14. MIT Unallowable G/L Accounts • Entertainment (420166) This G/L account is used for non-reimbursable costs normally incurred for social types of activities (e.g. a department meeting that does not qualify as a true business meeting). Entertainment also includes tickets to shows and sporting events and related meals, indoor floral arrangements, etc. The entire cost of a non-reimbursable activity can be charged to this G/L account, it is not necessary to itemize food, alcohol, etc.

    15. MIT Unallowable G/L Accounts • Non-Reimbursable Expenses (420254) This G/L account is to be used for unallowable costs that do not seem to fit any of the other unallowable G/L accounts

    16. MIT Unallowable G/L Accounts • Promotional Items and Memorabilia (420302) This G/L account is used for the cost of items that promote or provide memorabilia of MIT, its departments, labs or centers. Give-aways of any kind to non-MIT employees are unallowable.

    17. MIT Unallowable G/L Accounts • Public Relations (420304) • Publicity (420306) These G/L accounts are used for public and community relations: activities with the intention of enhancing the image of MIT to the general public

    18. MIT Unallowable G/L Accounts • Recreation Related Expenses (420318) This G/L account is for costs expended for employee morale activities such as retirement parties, birthday parties, or other office social events to a maximum of $15.00 per employee per year

    19. MIT Unallowable G/L Accounts • Alcoholic Beverages (421205) This G/L account is used for the cost of alcoholic beverages bought on a PO for an Institute function or identifiable from receipts supporting a dinner meeting. Alcohol cannot be charged to research accounts. Alcohol does not need to be segregated out if charged to another unallowable G/L account such as entertainment or non-reimbursable expenses

    20. MIT Unallowable G/L Accounts • Memberships and Social (421584) This G/L account is used for the cost of membership in any civic or community organization or in any country club, social, or dining club or organization. All such memberships are unallowable.

    21. MIT Unallowable G/L Accounts • Unallowable Salaries (400812) Use of this G/L account applies to directly associated staff time in an unallowable event, that time being measured over the course of the year. If the staff time is 25% or greater in an unallowable activity, then this G/L account must be used for that person’s effort. You should contact the Payroll Office before using this G/L.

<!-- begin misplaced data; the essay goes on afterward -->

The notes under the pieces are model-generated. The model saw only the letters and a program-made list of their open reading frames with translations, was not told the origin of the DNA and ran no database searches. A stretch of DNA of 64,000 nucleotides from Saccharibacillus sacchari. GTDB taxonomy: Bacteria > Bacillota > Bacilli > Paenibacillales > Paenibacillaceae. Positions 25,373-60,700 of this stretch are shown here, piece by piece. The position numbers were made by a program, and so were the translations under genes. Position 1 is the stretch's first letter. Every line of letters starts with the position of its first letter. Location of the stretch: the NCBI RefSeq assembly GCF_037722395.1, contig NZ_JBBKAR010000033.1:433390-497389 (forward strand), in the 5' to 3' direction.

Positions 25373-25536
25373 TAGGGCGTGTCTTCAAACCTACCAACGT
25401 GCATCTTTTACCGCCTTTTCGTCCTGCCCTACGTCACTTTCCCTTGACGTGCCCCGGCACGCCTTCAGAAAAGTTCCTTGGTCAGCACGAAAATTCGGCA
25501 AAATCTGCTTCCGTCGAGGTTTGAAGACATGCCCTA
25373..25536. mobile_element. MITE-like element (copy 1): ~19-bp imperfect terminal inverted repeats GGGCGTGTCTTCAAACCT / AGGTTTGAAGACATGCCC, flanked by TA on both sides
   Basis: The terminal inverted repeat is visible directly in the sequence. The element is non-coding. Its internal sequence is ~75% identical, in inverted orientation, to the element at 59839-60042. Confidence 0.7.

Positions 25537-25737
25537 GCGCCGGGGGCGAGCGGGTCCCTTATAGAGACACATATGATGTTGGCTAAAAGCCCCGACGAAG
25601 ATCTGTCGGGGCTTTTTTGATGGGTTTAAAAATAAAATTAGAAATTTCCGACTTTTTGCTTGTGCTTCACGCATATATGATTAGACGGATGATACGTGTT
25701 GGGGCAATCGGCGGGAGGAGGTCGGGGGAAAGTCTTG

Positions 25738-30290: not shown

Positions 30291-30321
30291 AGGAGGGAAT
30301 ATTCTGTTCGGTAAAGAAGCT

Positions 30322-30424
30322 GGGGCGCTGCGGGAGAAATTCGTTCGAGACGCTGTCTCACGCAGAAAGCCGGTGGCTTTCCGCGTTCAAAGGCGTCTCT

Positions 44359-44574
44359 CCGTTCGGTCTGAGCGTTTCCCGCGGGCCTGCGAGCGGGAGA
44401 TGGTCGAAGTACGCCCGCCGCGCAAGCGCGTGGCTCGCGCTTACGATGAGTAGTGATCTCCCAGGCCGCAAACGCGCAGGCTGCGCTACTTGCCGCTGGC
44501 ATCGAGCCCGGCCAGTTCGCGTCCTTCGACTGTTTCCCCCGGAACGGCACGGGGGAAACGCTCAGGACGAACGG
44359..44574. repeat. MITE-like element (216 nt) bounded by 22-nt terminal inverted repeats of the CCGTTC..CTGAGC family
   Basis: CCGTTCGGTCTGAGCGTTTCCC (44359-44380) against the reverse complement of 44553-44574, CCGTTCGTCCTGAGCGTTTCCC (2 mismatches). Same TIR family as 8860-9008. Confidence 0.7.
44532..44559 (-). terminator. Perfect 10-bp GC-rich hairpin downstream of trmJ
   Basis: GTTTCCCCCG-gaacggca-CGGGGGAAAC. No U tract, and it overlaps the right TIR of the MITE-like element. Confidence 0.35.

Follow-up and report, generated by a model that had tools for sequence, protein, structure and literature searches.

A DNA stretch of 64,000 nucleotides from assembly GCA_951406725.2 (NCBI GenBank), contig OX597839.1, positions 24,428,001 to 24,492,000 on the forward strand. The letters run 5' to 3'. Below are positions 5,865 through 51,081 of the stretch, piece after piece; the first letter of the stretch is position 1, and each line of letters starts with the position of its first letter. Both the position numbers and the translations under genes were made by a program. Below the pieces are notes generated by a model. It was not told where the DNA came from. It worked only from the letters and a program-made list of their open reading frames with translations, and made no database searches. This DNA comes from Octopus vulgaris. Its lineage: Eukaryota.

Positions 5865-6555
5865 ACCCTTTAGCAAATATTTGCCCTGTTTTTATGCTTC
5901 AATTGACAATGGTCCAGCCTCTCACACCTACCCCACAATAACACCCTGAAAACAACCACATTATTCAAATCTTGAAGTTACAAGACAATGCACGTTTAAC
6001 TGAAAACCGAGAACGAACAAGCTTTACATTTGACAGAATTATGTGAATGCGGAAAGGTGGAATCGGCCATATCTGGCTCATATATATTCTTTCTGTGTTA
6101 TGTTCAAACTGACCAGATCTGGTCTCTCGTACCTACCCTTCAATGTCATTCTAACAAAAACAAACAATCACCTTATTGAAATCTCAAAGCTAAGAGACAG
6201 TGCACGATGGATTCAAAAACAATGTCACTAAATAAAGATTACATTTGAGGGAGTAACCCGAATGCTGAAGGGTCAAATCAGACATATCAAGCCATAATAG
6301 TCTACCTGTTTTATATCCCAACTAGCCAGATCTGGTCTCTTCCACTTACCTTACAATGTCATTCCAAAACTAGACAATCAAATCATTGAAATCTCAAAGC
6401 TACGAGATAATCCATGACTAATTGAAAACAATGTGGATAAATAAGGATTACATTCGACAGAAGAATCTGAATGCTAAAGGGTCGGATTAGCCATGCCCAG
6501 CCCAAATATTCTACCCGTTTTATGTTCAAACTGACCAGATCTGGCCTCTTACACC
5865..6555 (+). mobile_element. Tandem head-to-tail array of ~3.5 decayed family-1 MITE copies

22. MIT Unallowable G/L Accounts • Recorded Project Overrun (420314) This G/L account is used to remove an overrun on a sponsored program in accordance with Institute policy. Project overruns may be recorded to selected general accounts (cost centers) or fund accounts (internal orders) using this G/L account.

    23. MIT Unallowable G/L Accounts • Student Related Costs • Scholarship Allowance (420342) • Scholarship (422305) • Undergraduate student fees (422320)

    24. MIT Unallowable G/L Accounts • Bad Debts (421552) This G/L account is used for any losses, whether actual or estimated, arising from uncollectible accounts, included associated costs of collections.

    25. Exercise • Flower arrangement for department headquarters reception area • A research group has monthly lunch meetings to facilitate collaboration and share ideas • Visiting professor receives MIT parking ticket • $100 gift certificates given as awards within the department (charged to M&S GL) • Dry cleaning for Dean’s convocation attire • Beginning of the year kick-off lunch for a lab’s undergraduate research assistants (UROP) • Lab orders coffee mugs with lab name and logo to commemorate its 25th anniversary